For my third post of the night: I came across this little study on PubMed entitled "Suspected macrosomia? Better not tell."
Now, I have only seen the abstract (reprinted here for your viewing pleasure) and the study was small, but there's at least one real gem right in the conclusion:
Sadeh-Mestechkin D, Walfisch A, Shachar R, Shoham-Vardi I, Vardi H, Hallak M.
Department of Obstetrics and Gynecology, Faculty of Health Sciences, Soroka University Medical Center, Ben-Gurion University of the Negev, Beer-Sheva, Israel, firstname.lastname@example.org.
OBJECTIVE: To evaluate the management policy of delivery in a suspected macrosomic fetus and to describe the outcome of this policy.
STUDY DESIGN: For this prospective observational study we followed the management by reviewing the medical records of 145 women and their infants. The study population included women at term admitted to the obstetrics department with suspected macrosomic infants, as was diagnosed by an obstetrician and/or by fetal sonographic weight estimation of >/=4,000 g. The comparison group (n = 5,943) consisted of all women who gave birth during the data collection period.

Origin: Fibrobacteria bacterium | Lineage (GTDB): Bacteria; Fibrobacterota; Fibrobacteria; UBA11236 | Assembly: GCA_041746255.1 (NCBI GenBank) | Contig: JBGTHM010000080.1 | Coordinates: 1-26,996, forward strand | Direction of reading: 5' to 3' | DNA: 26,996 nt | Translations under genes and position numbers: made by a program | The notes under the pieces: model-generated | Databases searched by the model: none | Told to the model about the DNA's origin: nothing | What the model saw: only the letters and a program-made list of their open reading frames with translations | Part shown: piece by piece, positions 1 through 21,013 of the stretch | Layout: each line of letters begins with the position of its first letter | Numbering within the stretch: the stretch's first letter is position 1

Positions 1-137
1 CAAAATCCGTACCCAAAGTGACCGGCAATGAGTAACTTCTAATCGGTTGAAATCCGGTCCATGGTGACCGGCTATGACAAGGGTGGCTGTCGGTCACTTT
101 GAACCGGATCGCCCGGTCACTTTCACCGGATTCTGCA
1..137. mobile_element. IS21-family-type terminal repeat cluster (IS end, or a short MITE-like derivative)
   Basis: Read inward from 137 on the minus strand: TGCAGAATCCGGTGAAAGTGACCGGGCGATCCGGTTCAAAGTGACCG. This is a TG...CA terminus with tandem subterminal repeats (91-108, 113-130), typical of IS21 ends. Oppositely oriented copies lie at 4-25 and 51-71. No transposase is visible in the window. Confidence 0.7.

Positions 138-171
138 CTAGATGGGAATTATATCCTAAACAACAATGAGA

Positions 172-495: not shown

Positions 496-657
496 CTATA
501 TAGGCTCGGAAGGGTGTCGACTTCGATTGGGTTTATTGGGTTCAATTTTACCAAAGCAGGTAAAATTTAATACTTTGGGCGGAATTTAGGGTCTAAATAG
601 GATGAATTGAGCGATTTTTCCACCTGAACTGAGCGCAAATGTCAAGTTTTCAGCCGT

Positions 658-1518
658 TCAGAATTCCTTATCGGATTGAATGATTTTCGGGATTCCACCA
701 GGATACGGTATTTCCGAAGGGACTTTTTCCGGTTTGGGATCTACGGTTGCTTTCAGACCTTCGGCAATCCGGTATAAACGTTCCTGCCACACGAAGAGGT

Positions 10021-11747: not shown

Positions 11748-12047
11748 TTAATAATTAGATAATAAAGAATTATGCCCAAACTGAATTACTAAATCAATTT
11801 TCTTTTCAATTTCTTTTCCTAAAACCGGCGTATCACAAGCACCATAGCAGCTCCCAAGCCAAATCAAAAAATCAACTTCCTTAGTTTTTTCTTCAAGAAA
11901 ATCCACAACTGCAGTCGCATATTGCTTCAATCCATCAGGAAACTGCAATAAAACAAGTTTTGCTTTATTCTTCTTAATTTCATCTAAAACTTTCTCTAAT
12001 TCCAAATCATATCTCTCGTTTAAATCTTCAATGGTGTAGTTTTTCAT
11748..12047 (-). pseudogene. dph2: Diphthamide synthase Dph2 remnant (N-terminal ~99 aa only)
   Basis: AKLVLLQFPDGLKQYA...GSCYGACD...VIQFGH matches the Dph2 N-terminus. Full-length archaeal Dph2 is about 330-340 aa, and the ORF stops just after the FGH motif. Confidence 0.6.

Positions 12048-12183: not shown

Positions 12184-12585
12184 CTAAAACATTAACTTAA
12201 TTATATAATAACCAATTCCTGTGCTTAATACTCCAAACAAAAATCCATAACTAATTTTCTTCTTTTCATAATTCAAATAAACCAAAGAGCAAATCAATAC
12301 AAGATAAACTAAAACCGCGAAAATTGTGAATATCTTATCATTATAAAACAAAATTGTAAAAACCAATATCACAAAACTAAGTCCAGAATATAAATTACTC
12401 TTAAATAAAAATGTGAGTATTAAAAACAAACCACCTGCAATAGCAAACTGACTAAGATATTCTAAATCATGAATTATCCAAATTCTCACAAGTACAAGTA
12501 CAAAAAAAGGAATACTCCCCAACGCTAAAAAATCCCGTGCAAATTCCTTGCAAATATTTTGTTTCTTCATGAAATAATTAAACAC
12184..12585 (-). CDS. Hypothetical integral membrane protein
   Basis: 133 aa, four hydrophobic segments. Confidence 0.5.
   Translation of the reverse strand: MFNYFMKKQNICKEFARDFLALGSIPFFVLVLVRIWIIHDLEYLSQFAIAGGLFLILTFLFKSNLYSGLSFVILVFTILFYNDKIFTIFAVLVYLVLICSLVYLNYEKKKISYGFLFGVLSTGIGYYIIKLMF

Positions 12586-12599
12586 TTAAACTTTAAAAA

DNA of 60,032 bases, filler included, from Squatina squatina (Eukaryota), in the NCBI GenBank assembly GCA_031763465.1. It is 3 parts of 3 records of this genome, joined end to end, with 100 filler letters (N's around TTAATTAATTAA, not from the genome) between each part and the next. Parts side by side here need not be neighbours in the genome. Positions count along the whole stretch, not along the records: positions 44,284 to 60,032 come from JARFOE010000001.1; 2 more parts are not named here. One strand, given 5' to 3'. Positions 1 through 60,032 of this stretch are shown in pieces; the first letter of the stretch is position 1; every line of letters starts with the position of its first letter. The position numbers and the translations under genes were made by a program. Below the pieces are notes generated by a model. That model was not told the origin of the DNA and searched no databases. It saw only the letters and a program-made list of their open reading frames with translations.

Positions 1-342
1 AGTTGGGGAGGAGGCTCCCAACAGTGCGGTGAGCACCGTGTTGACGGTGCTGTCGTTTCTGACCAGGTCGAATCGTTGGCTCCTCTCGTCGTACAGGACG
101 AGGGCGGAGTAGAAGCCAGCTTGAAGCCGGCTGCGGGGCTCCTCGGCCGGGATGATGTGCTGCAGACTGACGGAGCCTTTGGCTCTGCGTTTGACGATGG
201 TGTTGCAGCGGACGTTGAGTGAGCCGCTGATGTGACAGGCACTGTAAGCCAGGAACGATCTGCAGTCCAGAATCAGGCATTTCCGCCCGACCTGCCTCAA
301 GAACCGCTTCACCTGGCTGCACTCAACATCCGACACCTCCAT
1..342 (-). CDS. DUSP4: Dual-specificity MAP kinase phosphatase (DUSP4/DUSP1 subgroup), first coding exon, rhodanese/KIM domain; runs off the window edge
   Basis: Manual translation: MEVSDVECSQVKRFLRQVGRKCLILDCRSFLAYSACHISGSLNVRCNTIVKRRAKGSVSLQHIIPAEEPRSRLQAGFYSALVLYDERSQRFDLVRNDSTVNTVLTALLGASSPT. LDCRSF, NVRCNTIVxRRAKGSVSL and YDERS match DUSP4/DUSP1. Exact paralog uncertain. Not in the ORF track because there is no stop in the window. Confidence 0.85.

RESULTS: Induction of labor and cesarean delivery rates in the macrosomic pregnancies (actual birth weight >4,000 g) of the study group were significantly higher when compared with the macrosomic pregnancies of the comparison group. When comparing the non-macrosomic to the macrosomic pregnancies (actual birth weight >4,000 g) of the study group no significant difference was demonstrated regarding maternal or infant complications. The sensitivity, specificity and positive predictive value of the methods used for detecting macrosomia were 21.6, 98.6 and 43.5%, respectively.
CONCLUSION: Our ability to predict macrosomia is poor. Our management policy of suspected macrosomic pregnancies raises induction of labor and cesarean delivery rates without improving maternal or fetal outcome.
It speaks for itself.